Creative Destruction

November 15, 2006

What single piece of legislation would you most like to see enacted?

Filed under: Politics — Ampersand @ 4:25 pm

Ezra Klein asks, “What single piece of legislation would you most like to see enacted?”

Ezra’s answer:

I’ll go with Employee Free Choice Act, a bill restoring the right to organize, which is current de facto absent from the polity. It institutes card check, provides new avenues for mediation, and heavily stiffens penalties for illegal unionbusting. As I think all progressive legislation flows from a vibrant union movement, such a bill looks like the first step towards a restoration of progressive governance from which my other policy priorities could be achieved.

Bradford Plumer agrees with Ezra, and expands the argument a bit.

I’m tempted to agree with Brad and Ezra, because Ezra’s right — without a vital union movement, it’s hard to see how any progressive movement can be sustained in the US. I’d also be tempted to advocate a complete overhaul of the US’s electoral system — starting with the elimination of first-past-the-post elections, but also campaign finance — but I’m not sure that can properly be called a “single piece of legislation,” because it would probably require at least two Constitutional amendments.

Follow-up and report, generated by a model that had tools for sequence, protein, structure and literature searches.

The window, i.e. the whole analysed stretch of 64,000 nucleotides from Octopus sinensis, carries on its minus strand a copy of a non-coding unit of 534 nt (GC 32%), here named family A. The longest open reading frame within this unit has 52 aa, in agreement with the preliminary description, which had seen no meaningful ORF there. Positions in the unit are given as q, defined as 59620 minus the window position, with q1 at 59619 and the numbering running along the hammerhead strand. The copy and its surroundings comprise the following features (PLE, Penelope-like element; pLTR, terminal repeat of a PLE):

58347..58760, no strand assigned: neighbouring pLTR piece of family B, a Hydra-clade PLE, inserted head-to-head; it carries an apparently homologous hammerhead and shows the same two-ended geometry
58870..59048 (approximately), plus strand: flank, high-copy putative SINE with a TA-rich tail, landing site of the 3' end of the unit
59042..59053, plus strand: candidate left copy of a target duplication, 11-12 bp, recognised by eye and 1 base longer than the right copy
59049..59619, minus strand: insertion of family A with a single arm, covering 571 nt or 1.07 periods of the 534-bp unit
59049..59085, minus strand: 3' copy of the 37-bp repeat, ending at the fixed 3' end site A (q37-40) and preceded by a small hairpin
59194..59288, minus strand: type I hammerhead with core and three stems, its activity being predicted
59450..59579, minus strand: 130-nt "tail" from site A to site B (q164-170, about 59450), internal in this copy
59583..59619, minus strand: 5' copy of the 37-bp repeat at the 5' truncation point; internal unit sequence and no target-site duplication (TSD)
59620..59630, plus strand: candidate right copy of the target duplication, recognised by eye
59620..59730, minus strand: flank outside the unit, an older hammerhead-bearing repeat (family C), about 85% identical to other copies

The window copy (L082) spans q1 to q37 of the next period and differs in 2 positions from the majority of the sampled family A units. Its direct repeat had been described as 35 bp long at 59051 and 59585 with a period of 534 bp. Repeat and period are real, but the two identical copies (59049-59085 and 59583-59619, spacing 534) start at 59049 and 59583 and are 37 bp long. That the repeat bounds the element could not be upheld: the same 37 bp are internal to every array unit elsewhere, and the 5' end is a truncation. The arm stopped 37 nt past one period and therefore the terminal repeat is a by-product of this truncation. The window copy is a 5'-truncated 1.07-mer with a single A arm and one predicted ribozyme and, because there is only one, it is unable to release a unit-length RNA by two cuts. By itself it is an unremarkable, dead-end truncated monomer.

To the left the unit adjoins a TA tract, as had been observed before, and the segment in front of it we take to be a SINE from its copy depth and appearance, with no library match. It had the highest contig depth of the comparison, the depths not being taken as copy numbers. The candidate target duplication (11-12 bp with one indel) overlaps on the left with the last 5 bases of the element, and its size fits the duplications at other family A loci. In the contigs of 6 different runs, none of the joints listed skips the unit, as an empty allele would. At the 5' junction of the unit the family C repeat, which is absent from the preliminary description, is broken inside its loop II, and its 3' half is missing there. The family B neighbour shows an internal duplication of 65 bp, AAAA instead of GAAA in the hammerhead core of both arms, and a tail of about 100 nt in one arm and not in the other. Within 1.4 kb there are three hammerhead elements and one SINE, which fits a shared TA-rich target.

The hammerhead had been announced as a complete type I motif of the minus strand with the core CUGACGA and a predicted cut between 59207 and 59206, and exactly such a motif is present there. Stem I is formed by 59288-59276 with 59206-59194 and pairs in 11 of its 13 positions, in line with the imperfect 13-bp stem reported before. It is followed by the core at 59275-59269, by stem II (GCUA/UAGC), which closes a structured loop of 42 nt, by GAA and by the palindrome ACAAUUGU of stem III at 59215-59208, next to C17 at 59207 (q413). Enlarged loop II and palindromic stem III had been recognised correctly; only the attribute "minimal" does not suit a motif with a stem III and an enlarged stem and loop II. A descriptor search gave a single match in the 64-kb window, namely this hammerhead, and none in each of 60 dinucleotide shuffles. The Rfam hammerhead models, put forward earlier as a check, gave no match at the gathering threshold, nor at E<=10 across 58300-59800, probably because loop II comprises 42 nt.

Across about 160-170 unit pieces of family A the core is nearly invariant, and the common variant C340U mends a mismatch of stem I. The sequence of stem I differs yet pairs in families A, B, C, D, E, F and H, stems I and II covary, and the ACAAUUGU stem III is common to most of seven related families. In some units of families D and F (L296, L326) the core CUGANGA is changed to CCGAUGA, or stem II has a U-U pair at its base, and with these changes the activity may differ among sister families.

However, if I had to choose one and only one, I think that I’d instead endorse directing billions of dollars a year towards non-carbon-based energy – meaning wind power, solar power, and nuclear power. It is plausible that we’re very near a point of no return on global warming – we may have only fifteen years to reverse course. There is no single issue that’s more urgent. And I’m not sure that unions — which, understandably, might not be interested in stopping global warming if it means the loss of some current manufacturing jobs ((I think that in the long run, investments in sustainable technology will create jobs. But unions are more concerned with existing jobs than with potential future jobs.)) — are always going to be in the right place on this issue.

So that’s me. You?

1 Comment »

  1. It is not clear to me that the demise of the union movement in the private sector U.S. is primarily legislative in origins. It could be, but fundamental economic factors, like a shift away from manufacturing industries, also seem to play a key role.

    Comment by ohwilleke — November 16, 2006 @ 7:30 pm | Reply


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